Like traffic, pollution increases and decreases throughout the day and night and can be higher at some locations than others. Yet these trends are typically invisible and have been difficult to measure. To better understand how pollution changes over space and time, EDF and our partners collected data for 100 days from 100 black carbon sensors installed across West Oakland. That data, compiled in a new tool, shows how pollution patterns vary sharply by time and location. These results were published in ACS Publications Environmental Science & Technology. Certain areas of West Oakland—truck routes and industrial areas in particular—had markedly higher black carbon pollution, while other areas were much cleaner. Examining these patterns can help researchers, residents and city officials identify causes of pollution at specific locations and take action.
Trucks drive emissions on streets near port
Image ©2019 Google
As one of the busiest container ports in the country, the Port of Oakland attracts diesel-powered ships, trucks and trains that transport goods throughout California and across the United States. As those trucks line up and often idle along the nearby roads and freeways, they also emit pollutants including black carbon. Approximately 7,200 diesel trucks operate at the Port of Oakland and throughout West Oakland. The sensors on the busy Maritime Street along the Port boundary measured black carbon concentrations that averaged 200 percent higher than sensors placed upwind, while measurements from sensors on designated truck routes in the neighborhood averaged 150 percent higher.
Shift changes and a stop light
This animation shows average black carbon levels over 24-hours on weekdays at monitors near the Port. In the gray shaded circles on Maritime Street, watch black carbon levels as they grow from 4:00 to 8:00 am, when Port operations begin and traffic increases, peaking at up to four times levels observed at monitors upwind of the Port. Black carbon levels at several monitors drop at 5:00 p.m. during shift changes when operations slow.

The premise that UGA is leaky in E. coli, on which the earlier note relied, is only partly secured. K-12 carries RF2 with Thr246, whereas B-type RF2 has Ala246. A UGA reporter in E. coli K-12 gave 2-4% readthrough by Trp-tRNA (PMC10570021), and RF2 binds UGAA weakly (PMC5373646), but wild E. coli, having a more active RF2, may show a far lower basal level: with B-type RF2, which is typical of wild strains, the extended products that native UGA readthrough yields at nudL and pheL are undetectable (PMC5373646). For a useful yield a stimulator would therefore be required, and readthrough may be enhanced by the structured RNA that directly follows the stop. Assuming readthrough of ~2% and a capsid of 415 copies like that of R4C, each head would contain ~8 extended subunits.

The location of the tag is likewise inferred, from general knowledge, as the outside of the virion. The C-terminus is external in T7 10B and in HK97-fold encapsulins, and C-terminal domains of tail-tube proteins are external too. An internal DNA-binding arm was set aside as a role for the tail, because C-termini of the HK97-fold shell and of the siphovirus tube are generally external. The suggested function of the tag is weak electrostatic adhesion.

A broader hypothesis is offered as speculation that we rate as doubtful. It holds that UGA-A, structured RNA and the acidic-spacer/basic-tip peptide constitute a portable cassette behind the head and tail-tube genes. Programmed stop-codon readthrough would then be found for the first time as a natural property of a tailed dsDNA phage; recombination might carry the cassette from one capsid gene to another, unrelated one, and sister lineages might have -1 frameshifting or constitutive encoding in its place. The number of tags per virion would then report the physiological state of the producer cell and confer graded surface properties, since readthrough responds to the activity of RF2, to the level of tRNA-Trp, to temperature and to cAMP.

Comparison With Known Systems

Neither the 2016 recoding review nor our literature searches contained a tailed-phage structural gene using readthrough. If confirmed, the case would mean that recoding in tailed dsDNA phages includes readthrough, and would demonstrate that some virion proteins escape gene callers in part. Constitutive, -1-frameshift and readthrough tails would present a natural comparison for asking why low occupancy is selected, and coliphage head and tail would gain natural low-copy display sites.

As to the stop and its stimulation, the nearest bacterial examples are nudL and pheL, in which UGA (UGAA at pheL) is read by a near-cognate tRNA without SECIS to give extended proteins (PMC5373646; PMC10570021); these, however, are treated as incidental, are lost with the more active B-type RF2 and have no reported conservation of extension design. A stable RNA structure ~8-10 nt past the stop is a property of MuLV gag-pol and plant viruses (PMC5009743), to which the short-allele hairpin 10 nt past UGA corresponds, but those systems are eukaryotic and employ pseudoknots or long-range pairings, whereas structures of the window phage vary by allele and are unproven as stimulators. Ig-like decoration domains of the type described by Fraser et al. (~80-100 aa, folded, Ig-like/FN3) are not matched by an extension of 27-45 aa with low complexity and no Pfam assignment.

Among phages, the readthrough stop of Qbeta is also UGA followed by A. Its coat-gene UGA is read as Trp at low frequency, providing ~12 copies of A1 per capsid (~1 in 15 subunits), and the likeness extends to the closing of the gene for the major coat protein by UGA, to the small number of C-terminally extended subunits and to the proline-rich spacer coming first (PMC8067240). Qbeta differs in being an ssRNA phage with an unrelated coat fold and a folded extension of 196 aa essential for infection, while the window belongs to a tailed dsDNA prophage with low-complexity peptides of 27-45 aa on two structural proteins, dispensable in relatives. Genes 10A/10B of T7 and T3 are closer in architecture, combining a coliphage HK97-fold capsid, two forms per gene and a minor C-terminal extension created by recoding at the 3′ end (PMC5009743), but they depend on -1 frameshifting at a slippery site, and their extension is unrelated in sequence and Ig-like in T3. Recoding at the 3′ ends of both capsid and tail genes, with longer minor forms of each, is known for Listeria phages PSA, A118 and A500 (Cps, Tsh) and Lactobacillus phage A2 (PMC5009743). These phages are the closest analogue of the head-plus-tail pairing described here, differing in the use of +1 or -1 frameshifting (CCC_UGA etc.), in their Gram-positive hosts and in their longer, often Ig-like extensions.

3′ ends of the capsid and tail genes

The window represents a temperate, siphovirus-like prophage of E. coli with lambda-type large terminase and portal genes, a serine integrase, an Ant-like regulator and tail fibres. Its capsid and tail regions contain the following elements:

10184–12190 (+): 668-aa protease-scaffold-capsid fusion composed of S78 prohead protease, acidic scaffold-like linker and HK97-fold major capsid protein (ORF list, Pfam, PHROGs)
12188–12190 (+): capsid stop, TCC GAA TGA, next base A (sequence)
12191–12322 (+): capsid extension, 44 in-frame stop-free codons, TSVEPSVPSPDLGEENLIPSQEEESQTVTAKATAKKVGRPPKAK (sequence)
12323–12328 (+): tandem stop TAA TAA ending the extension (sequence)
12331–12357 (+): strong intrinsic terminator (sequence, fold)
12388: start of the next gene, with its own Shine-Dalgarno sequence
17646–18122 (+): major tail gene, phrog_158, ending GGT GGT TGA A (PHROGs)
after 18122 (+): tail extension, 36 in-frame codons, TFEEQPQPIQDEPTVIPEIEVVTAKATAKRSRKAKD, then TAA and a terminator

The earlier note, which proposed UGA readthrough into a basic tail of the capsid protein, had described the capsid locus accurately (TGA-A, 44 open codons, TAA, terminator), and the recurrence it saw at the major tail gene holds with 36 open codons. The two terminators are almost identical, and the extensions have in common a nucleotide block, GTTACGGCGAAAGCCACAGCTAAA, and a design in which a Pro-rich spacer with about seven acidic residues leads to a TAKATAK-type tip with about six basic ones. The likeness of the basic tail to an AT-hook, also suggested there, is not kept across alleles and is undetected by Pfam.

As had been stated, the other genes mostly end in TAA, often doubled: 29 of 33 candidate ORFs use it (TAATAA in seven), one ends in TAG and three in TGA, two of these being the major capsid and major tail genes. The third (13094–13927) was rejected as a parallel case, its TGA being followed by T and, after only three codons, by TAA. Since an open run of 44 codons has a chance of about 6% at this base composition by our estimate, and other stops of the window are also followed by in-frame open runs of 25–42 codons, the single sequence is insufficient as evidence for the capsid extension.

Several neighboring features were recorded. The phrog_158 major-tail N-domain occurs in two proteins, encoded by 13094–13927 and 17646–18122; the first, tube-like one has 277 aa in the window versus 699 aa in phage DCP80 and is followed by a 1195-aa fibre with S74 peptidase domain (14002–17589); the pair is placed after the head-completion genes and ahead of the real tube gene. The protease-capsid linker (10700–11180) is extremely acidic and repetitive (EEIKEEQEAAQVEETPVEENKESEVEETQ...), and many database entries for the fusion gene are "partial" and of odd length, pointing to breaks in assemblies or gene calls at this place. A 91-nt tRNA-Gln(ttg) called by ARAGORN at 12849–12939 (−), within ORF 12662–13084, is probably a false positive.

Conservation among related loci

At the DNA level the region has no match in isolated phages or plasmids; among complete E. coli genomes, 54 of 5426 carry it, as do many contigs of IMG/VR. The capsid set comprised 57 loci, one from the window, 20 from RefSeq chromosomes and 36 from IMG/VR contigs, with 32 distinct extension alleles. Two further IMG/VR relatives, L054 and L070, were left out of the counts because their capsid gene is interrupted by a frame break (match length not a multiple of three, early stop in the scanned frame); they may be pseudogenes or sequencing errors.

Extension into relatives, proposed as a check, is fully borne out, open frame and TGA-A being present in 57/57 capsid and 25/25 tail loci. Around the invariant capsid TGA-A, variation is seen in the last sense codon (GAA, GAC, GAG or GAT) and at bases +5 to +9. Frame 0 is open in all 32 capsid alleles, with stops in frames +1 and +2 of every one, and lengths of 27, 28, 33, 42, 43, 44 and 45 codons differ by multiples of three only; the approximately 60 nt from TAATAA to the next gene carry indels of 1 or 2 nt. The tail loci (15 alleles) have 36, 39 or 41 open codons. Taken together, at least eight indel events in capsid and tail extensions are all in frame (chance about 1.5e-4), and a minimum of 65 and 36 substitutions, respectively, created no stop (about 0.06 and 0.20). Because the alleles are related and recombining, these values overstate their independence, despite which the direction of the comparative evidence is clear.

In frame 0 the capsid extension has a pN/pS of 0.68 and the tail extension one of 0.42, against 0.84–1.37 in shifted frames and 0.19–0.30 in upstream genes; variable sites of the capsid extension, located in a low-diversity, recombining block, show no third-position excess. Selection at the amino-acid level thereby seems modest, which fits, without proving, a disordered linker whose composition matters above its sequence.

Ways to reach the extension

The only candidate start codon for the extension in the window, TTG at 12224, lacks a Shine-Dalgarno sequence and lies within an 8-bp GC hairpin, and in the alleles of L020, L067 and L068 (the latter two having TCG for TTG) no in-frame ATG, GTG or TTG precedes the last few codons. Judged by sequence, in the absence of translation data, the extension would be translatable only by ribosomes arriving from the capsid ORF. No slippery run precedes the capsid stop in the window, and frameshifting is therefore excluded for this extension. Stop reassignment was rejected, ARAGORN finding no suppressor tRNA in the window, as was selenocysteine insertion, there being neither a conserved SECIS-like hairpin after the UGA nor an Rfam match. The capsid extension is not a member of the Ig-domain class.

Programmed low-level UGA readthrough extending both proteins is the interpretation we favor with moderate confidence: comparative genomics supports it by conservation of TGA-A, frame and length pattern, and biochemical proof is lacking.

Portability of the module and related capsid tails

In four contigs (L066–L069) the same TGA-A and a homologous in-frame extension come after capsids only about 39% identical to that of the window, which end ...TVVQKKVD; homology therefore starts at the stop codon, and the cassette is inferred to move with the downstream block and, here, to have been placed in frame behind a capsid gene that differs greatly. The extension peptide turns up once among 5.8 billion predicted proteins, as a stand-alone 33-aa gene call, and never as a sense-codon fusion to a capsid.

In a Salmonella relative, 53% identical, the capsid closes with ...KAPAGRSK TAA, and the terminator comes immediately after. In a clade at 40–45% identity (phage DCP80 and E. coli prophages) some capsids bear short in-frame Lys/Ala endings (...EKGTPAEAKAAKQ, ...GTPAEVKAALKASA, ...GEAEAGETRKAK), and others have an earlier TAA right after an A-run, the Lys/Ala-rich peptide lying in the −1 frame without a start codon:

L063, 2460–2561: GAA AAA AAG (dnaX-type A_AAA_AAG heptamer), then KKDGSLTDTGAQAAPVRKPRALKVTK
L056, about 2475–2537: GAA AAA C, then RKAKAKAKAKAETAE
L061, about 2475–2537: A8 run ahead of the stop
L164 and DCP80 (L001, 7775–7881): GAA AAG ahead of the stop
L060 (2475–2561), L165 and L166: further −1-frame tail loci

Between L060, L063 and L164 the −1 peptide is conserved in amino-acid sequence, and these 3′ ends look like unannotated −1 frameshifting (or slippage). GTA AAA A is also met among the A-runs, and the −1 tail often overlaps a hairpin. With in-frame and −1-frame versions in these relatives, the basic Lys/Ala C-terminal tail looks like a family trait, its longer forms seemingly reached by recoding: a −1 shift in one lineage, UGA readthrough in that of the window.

At the intersection of 3rd St. and Adeline (shaded gray circle at the bottom right) near a main entrance to the Port, long lines of trucks decelerate, idle, then accelerate through a four-way stop light. Here, black carbon levels increase between 3:00 and 9:00 a.m., when they are more than three times higher than the West Oakland neighborhood average. They then dip at noon and drop off after 2:00 p.m.
Industry emissions burden nearby homes
Image ©2019 Google
In this section of West Oakland, located to the north and east of the Port, homes mix with industrial facilities. It also features an urban farm and playground, yoga studio, coffee shop, and retail stores, as well as a truck repair shop, metal recycling facility and a moving company. Heavy-duty trucks often fill nearby parking lots.
Pollution drops at mid-day
Black carbon concentrations at 28th and Union Streets (shaded dot near the upper right-hand corner) increase between 6:00 and 8:00 a.m, remaining about twice as high as the neighborhood average during the day. There's a distinct dip in black carbon levels in the middle of the day, which community advocates speculate aligns with workers' lunch breaks. Black carbon levels decrease after 6:00 p.m.
Black carbon rises near playing fields
Image ©2019 Google
Raimondi Park features several sports fields, where children and adults play soccer, football and baseball during the daytime and in the evenings. Here, a monitor that was directly downwind from a trucking company across the street from the park tracked pollution patterns that rose in the evenings, increasing exposure for people playing at the nearby fields.
Night truck activity boosts pollution
Residents living nearby had reported nighttime noise from this trucking facility. Our data shows substantially elevated black carbon levels overnight from 9:00 p.m. until 9:00 a.m., likely related to the use of diesel auxiliary power units running truck refrigeration systems overnight. This trucking facility ceased operations between the time of our study and the publication of this data.
A new tool to support advocacy
Residents and community groups are already engaging with the state and the local air quality management district to make meaningful changes to reduce the pollution burden of West Oakland. This kind of data—coupled with the earlier mobile monitoring data—provides valuable insights into how truck traffic, industrial activity and even the location and timing of traffic lights can increase pollution levels at specific times of day. That actionable intelligence can be critical when making the case for change. Community advocates are using these findings to push for solutions, including re-routing trucks away from homes and ensuring that adequate buffers separate industrial and residential areas.